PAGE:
Which is worse?

The late ’70s and early ’80s might have been the height of Kennedy nostalgia, when the Kennedy era was becoming historical memory: the moment of malaise, a time when swinging and sex weren’t fun anymore, when assassinations lost their shock value. A yucky time, more Teddy than Jack. This moment, not ’61 or ’63, is fossilized just beneath the surface of what seems, at first glance, a fantastically beautiful building, the John F. Kennedy Library and Museum.

Once you’re inside, Kennedy’s museum is curated to reaffirm the love you obviously already have for their man. I expected as much going in. JFK was a popular guy, and I assumed the museum would reflect that. No need for too much dirt, the lewd details: the question of how many women he slept with (Vidal, not the least reliable source, claims it was close to 5,000); the question of how high he was (moderately, but much of the time); the question of his isolationist daddy’s machinations; of Cook County ballot boxes; of dead voters in Texas (what, would you want Nixon to have won?).

John F. Kennedy Library and Museum
John F. Kennedy Library and Museum

But I was immediately alarmed by the the Kennedy library’s total and unapologetic adulation of their man. Presidential library museums are inherently propagandistic, I get that. Even the Hoover museum highlights two accomplishments for every terrible decision. What I don’t expect is a slobbery, sometimes defensive, borderline kitschy shrine to a complicated administration. I don’t expect a brazen and unapologetic whitewash of a man who has already been washed whiter than any modern president, a man who has practically been conferred sainthood among American Catholics (I’ve seen haloed JFK portraits on mantels in Dorchester, Dubuque, Denver).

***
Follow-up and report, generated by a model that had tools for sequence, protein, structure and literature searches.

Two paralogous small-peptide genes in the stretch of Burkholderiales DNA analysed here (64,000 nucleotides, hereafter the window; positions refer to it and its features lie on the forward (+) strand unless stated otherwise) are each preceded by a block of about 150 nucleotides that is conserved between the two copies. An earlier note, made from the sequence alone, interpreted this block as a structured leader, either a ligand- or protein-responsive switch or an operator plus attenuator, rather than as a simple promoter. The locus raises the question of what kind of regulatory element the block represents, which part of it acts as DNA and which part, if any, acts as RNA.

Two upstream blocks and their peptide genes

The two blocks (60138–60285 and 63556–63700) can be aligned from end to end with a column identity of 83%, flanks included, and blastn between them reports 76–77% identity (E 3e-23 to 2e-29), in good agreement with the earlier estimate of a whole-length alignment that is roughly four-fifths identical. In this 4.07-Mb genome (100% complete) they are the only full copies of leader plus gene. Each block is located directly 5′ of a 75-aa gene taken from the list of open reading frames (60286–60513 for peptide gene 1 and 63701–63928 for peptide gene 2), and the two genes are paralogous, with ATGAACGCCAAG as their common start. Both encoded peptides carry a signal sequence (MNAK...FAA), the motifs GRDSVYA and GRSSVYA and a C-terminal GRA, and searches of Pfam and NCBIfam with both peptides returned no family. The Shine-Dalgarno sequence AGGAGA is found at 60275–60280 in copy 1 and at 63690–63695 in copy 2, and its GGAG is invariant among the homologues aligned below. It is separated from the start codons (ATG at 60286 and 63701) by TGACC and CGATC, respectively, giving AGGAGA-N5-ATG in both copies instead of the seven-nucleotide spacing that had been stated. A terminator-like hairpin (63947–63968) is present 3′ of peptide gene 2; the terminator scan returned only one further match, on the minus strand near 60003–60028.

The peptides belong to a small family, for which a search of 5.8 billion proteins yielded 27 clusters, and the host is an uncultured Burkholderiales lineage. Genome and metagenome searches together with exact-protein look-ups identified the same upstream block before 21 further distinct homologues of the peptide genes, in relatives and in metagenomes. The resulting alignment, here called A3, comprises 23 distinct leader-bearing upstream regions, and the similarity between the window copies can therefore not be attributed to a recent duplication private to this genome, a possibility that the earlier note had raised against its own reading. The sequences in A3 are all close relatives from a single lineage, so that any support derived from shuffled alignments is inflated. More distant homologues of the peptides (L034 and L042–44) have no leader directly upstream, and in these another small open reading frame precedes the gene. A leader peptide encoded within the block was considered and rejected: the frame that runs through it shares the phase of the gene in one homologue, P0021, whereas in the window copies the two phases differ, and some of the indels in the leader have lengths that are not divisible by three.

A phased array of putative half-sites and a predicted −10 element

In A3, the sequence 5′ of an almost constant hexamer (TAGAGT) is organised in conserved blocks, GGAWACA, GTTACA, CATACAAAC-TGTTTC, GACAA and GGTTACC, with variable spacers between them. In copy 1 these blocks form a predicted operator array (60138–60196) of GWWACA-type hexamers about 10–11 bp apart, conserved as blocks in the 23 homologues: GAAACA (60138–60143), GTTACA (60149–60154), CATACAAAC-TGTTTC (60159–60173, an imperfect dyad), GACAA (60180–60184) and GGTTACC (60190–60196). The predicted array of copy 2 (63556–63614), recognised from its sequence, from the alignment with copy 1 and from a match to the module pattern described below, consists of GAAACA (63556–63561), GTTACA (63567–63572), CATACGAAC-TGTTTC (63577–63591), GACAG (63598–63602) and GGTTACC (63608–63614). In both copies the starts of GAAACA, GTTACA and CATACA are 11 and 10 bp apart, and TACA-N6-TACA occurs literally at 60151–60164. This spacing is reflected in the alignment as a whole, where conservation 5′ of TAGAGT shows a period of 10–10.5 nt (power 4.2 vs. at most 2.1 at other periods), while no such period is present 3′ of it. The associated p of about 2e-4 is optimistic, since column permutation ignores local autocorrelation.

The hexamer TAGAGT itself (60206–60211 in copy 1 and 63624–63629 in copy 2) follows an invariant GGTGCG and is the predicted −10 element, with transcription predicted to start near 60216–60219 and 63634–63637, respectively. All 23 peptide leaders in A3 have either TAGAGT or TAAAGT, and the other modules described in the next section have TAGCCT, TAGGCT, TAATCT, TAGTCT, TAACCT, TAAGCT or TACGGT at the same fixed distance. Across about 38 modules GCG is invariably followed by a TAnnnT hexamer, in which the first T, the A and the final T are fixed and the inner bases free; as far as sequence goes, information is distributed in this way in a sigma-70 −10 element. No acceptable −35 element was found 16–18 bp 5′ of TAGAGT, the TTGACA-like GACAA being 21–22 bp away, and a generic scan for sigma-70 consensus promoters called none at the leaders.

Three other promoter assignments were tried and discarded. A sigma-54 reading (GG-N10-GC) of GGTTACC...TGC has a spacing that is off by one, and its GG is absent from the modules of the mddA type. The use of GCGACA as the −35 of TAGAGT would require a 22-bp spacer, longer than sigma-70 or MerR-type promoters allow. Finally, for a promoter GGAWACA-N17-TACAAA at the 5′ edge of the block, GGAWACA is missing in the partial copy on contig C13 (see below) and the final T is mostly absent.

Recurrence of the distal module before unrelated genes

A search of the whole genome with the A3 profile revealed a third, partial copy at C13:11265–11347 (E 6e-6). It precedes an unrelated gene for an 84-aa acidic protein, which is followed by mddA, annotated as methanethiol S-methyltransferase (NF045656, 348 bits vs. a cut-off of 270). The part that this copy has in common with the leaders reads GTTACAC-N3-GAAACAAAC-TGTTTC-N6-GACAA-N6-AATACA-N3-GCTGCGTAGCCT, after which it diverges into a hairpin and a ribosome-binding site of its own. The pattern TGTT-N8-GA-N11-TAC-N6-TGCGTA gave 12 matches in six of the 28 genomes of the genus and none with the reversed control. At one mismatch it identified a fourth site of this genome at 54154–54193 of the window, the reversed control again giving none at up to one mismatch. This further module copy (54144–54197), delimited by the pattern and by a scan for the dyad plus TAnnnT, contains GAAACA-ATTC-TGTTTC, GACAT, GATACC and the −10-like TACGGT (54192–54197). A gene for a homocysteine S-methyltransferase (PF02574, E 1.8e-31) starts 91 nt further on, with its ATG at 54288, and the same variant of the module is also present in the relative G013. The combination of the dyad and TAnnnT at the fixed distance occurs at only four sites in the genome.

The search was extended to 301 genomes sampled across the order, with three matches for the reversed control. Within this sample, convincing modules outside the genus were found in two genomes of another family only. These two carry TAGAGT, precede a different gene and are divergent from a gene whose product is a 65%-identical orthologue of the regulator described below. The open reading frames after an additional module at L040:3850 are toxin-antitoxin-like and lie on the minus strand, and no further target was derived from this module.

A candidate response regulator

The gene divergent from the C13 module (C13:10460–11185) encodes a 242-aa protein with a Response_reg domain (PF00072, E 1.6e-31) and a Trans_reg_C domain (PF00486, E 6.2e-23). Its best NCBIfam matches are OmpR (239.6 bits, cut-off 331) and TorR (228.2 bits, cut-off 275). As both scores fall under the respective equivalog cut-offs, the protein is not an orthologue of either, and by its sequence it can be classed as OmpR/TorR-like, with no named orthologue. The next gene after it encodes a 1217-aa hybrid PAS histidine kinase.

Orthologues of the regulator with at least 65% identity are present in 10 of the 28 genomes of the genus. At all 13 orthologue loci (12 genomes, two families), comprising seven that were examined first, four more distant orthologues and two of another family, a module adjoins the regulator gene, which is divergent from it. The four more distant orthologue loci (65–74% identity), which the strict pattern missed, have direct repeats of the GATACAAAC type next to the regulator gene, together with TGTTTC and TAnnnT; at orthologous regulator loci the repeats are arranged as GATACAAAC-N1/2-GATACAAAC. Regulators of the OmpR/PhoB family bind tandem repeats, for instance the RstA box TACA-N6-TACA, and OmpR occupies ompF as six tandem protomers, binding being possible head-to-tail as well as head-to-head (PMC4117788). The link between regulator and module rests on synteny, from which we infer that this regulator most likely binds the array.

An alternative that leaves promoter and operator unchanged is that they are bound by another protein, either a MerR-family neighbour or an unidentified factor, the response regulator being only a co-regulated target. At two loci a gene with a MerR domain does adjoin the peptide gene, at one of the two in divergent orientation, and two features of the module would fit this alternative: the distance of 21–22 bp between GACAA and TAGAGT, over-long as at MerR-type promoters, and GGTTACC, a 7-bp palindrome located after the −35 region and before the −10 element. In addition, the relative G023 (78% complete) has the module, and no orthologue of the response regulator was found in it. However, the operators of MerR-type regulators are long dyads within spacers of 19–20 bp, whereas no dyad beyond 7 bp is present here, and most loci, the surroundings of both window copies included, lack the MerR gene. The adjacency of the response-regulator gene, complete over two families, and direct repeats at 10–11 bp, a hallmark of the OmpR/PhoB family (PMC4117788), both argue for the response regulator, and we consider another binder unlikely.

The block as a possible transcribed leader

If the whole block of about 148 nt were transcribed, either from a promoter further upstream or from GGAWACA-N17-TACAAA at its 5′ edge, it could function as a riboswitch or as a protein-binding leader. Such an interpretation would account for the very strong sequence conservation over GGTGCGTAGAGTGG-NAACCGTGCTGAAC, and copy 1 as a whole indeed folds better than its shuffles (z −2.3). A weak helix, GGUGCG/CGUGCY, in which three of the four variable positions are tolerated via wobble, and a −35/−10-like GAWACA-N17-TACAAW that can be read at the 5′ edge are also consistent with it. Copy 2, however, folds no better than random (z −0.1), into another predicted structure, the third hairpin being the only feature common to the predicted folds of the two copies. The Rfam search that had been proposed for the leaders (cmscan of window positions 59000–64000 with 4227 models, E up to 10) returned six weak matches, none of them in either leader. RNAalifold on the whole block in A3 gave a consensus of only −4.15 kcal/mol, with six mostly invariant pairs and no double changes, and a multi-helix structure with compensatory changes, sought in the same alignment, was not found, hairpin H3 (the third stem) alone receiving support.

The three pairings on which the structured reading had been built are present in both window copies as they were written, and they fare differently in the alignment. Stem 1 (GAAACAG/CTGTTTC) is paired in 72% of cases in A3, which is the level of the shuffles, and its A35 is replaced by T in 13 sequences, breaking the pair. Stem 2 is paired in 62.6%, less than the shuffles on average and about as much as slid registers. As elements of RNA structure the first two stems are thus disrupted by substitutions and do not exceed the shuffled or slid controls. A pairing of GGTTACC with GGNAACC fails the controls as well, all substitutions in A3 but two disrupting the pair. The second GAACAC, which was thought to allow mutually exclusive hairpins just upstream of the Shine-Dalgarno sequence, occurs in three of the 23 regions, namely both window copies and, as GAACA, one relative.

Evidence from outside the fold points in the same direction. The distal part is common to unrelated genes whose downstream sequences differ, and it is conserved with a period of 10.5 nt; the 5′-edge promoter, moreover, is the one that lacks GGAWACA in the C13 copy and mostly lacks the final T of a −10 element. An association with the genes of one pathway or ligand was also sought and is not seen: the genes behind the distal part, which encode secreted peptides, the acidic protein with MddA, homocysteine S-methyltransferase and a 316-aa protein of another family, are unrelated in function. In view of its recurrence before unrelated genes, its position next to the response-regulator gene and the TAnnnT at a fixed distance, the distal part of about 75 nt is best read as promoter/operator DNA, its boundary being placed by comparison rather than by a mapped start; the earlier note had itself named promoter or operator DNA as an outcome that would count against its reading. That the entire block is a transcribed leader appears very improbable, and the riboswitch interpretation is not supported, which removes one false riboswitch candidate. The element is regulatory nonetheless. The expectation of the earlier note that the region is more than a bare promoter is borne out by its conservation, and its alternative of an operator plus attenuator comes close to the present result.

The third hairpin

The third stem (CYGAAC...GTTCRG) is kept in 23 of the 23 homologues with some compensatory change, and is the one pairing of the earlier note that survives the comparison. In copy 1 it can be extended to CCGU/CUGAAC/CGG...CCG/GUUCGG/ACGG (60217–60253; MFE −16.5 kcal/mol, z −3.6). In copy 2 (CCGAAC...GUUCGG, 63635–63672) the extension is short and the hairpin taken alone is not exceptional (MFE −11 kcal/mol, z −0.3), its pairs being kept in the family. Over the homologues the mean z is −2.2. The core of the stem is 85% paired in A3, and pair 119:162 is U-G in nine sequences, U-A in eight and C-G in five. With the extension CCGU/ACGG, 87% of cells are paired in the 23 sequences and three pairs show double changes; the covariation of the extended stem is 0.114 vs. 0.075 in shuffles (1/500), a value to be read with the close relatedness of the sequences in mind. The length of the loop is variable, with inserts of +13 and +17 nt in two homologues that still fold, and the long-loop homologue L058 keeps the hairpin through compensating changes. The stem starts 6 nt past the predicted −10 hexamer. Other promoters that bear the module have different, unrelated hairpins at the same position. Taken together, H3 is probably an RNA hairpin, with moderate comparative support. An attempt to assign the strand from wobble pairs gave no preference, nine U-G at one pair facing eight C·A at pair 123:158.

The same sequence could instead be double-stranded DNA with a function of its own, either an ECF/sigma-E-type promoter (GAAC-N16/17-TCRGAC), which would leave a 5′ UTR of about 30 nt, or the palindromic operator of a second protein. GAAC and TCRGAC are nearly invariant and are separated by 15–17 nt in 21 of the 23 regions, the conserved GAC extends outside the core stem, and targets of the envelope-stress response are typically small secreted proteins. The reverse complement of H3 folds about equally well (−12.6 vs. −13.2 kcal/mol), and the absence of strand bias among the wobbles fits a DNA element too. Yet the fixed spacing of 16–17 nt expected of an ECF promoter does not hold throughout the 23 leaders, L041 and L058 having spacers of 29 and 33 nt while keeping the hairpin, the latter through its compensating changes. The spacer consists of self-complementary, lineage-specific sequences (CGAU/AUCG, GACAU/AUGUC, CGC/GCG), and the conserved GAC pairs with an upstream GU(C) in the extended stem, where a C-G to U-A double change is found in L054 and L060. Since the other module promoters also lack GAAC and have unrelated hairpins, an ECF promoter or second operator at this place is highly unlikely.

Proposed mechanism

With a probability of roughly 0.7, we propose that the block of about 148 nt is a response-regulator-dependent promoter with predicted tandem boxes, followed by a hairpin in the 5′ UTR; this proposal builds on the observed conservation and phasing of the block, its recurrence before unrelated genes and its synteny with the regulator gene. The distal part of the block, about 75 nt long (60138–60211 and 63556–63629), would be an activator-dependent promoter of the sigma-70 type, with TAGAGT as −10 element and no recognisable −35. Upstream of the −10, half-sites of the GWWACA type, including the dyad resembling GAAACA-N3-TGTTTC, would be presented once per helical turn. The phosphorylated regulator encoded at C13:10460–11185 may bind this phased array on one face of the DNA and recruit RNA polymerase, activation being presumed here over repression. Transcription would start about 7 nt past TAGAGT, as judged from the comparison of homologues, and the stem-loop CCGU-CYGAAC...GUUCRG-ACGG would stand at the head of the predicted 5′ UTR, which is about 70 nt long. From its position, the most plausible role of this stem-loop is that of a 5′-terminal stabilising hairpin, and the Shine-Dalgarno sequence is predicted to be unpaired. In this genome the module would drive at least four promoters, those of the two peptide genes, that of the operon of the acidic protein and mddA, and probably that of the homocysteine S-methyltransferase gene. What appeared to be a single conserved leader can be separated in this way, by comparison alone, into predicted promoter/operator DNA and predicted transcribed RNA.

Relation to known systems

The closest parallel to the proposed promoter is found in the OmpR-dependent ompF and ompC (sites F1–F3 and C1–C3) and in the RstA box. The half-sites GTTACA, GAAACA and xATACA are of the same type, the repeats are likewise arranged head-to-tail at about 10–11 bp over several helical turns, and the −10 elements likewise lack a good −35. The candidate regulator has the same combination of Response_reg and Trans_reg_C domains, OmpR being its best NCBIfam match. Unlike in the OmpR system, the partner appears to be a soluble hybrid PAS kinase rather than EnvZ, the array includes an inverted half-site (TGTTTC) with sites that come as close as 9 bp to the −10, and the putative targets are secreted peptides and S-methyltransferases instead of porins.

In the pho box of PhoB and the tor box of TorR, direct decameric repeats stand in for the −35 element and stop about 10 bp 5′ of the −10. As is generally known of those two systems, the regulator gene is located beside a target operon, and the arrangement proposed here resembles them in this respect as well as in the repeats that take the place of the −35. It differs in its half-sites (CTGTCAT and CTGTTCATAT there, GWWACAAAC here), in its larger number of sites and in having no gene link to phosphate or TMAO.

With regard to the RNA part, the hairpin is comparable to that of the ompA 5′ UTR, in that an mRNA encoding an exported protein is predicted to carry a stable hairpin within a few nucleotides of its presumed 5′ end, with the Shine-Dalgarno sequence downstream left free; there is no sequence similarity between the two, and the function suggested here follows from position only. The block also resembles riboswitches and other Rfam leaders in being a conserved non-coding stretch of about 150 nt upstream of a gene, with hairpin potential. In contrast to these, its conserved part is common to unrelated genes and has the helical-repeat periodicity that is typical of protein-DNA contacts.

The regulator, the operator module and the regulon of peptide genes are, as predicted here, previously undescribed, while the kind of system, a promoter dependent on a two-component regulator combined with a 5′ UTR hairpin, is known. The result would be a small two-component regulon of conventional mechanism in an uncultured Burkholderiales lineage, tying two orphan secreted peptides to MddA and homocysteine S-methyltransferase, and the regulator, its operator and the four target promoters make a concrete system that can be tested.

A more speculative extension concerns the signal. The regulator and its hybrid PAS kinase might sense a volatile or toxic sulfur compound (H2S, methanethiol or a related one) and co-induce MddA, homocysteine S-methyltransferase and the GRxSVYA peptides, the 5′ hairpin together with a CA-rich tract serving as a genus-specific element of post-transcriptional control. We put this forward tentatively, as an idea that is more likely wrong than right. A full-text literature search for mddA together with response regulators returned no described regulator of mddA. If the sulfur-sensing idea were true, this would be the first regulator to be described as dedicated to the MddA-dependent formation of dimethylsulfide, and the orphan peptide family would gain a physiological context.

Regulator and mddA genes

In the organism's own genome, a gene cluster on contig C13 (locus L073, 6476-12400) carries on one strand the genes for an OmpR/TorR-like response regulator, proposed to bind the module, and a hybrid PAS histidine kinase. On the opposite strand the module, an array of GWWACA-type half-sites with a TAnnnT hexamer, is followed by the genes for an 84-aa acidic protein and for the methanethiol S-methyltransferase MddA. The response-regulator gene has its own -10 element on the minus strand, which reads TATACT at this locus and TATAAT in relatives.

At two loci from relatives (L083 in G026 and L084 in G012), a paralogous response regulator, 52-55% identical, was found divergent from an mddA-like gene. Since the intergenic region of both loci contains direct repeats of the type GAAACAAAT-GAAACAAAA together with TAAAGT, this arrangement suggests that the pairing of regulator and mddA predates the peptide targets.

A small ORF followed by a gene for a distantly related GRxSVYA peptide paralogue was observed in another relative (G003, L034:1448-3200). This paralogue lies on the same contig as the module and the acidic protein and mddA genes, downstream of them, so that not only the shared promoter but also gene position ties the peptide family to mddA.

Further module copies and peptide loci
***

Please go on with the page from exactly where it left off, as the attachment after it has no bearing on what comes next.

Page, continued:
The bulk of the Kennedy library consists of gifts that he and Jackie received from across the (recently decolonizing) world, a virtual bazaar of exotic treasures from steamy climes, all displayed against gaudy late ’70s colors and tones. Jackie’s inauguration day pillbox hat is a major attraction (I admit, it’s cool to see). But whenever raw politics pops up, the museum tips the scales toward the guy who already won. In one strange exhibit, a reconstructed newsroom, ostensibly broadcasting the 1960 election, shows Kennedy leading Nixon in California, Nixon’s home state (which Nixon won in 1960 because, duh). Historically literate visitors will understand that the exhibit represents a single, frozen moment in the evening of November 8 1960 when Kennedy was ahead in many states. For everyone else, the exhibit implies a final Kennedy victory that is much wider than the historical tally.

The "realtime" scoreboard doesn't reflect the razor-thin margin of Kennedy's victory.
The “realtime” scoreboard doesn’t reflect the razor-thin margin of Kennedy’s victory.

The library gives much attention to elections and speeches and pageantry, less to policy. It offers George Wallace (who Kennedy confronted with words, not actions) more space than Vietnam (decidedly fewer words, way more action). The library determined that papers from Robert F. Kennedy’s law school career and the Bay of Pigs deserve roughly equal time. The Cuban missile crisis is summed up in a single blurry, fragmented, incoherent documentary (that, in retrospect, probably captures with relative accuracy Kennedy’s own narcotized experience of those thirteen days).